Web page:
ISSN : 1301-5680
e-ISSN : 2149-8156
Turkish Journal of Thoracic and Cardiovascular Surgery     
Apical hypertrophic cardiomyopathy in childhood: a very rare variant
Tamer Yoldaş, Şeyma Kayalı, İlker Ertuğrul, Vehbi Doğan, Utku Arman Örün, Selmin Karademir
Department of Pediatric Cardiology, Dr. Sami Ulus Obstetrics, Children Health and Diseases Training and Research Hospital, Ankara, Türkiye
DOI : 10.5606/tgkdc.dergisi.2015.10929


Apical hypertrophic cardiomyopathy is a rare form of hypertrophic cardiomyopathy which classically involves the apex of the left ventricle. Apical hypertrophic cardiomyopathy can be an incidental finding, or patients may present with chest pain, palpitations, dyspnea, and syncope. In this article, we describe the clinical presentation of a seven-year-old girl who was asymptomatic, presented for cardiac evaluation and was detected to have an apical variant of hypertrophic cardiomyopathy.

Apical hypertrophic cardiomyopathy (AHCM) is a rare form of HCM in which the myocardial hypertrophy predominantly involves the apex of the left ventricle. It is characterized by giant negative T-waves on electrocardiography (ECG) and a spade-shaped left ventricle (LV) cavity.[1] Although typically diagnosed in middle-aged individuals, a few pediatric cases have been reported in the literature.[2] Herein, we present a child with AHCM incidentally diagnosed via ECG and echocardiography during a cardiovascular examination.

Case Presentation

A seven-year-old girl was referred to our hospital for further evaluation because of cardiomegaly on a telecardiogram. The patient had no family history of cardiac disease and no complaints.

A physical examination performed after her referral was normal, with nothing out of the ordinary being seen with regard to the complete blood count (CBC), biochemical parameters, or cardiac troponin I levels. The ECG showed negative T-waves in the V1-V6 leads and slight ST depression in the V4-V6 leads (Figure 1) while the echocardiography detected myocardial hypertrophy that was mostly confined to the apical portion of the LV, resulting in a spadelike configuration of the LV cavity at end-diastole (Figure 2). In addition, the systolic function of the LV was normal (fractional shortening 41%), and the LV dimension at the basal level had increased to 43 mm. Color echocardiography revealed mild mitral regurgitation but no intracavitary LV obstruction. The end-diastolic thickness of the LV apical-free wall and the basal-free wall were 15 mm and 8.3 mm, respectively while the end-diastolic thickness of the apical interventricular septum (IVS) and basal IVS were 16 mm and 7.2 mm, respectively. Furthermore, the maximal apical to posterior wall thickness ratio was 1.8. The patient was also evaluated via a 24-hour Holter monitor, and this yielded normal results.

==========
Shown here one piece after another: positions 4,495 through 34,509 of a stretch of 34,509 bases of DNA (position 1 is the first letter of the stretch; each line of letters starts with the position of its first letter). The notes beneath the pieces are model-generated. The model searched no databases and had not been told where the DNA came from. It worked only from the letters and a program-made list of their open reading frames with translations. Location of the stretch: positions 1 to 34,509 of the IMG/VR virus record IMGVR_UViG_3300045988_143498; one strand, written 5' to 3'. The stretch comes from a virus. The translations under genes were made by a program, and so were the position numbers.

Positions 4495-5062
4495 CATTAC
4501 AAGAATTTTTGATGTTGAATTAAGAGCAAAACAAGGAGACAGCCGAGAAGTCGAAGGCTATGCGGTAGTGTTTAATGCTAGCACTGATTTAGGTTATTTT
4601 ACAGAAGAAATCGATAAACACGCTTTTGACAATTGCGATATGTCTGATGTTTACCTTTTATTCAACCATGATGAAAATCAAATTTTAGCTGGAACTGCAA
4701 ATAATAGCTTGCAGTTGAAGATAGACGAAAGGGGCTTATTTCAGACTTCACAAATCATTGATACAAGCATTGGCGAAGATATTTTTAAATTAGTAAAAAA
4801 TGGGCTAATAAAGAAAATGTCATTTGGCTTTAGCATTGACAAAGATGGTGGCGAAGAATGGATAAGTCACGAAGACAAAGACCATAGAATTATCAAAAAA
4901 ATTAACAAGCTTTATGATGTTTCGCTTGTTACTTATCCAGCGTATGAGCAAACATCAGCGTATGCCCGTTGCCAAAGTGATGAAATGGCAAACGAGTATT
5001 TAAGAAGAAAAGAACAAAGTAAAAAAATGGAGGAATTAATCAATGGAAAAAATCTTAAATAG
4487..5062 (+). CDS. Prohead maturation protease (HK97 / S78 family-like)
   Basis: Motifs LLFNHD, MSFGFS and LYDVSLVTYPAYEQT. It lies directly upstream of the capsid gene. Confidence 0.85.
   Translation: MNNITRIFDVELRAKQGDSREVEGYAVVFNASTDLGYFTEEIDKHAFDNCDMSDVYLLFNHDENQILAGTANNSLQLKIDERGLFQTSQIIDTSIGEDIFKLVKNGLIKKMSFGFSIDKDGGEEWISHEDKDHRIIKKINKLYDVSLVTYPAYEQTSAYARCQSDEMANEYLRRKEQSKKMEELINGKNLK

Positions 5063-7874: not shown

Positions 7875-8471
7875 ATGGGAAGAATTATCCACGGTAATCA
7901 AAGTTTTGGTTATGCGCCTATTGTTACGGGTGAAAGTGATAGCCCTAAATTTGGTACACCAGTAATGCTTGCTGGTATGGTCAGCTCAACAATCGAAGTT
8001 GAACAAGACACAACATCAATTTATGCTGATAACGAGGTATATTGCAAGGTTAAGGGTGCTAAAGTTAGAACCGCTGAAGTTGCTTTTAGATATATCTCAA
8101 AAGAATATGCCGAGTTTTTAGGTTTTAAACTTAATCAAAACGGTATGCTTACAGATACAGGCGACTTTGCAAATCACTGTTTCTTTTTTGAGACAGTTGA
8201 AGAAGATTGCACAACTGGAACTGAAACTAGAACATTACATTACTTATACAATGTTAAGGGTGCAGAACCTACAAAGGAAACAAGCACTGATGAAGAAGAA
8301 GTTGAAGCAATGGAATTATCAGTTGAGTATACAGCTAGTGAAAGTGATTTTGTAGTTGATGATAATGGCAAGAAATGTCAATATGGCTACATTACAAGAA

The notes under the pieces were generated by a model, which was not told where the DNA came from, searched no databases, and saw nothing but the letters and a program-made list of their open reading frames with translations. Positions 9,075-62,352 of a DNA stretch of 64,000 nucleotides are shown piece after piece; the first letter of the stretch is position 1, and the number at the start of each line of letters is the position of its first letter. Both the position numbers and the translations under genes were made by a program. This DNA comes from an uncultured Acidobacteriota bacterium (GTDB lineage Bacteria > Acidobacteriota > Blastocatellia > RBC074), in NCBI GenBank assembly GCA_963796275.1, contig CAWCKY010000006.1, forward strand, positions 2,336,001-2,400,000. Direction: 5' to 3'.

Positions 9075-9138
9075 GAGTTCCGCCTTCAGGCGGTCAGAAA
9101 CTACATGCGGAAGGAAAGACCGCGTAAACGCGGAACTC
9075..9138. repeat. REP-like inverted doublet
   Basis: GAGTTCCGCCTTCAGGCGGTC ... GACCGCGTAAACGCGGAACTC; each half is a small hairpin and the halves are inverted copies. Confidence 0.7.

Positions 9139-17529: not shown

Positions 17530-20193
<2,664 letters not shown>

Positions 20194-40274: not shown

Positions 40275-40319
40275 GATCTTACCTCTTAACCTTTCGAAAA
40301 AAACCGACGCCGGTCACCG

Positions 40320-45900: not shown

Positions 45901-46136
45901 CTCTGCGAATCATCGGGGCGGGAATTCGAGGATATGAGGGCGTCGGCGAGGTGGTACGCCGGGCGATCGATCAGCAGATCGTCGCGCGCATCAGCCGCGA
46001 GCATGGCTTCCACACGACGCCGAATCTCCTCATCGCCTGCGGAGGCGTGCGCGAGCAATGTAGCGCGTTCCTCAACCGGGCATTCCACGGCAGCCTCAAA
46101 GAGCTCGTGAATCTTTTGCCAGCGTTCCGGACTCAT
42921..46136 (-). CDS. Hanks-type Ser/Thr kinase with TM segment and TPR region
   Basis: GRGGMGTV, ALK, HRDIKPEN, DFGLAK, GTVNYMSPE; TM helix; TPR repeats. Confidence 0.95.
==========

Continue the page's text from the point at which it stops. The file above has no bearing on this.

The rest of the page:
Figure 1: The patient’s ECG showing the negative T-waves in the V1-V6 leads.

Figure 2: Transthoracic echocardiography showing the parasternal short-axis view.


Historically, AHCM was thought to be confined to the Japanese population, but it can also be found in other countries as well. When all of the HCM patients in Japan were examined, the prevalence rate for AHCM was 15%, whereas in the United States, the prevalence rate was only 3%.[3] Apical hypertrophic cardiomyopathy occurs sporadically; however, a few families have been reported to have autosomal dominant inheritance.[4] Furthermore, sarcomere protein gene mutations are present in up to 30% of this specific patient population.[4] Moreover, a few sarcomere protein gene defects (ACTC, pGlu101Lys) have been reported in the apical HCM phenotype.[4] Our patient had no family history of cardiac disease, so it most likely was a sporadic case. The mean age of AHCM presentation is 41.4±14.5 years, and it is most frequently seen in males.[3] Additionally, approximately 54% of patients with AHCM are symptomatic with chest pain followed by palpitations, dyspnea, and syncope occurring the most.[3] Physical findings of an audible/palpable fourth heart sound and a new murmur are also common. Moreover, Arad et al.[4] reported that giant negative T-waves in the precordial leads were detected in 93% of these patients via ECG. Our patient was asymptomatic and had no physical findings, but the ECG showed negative T-waves in the precordial leads and slight ST depression in the V4-V6 leads.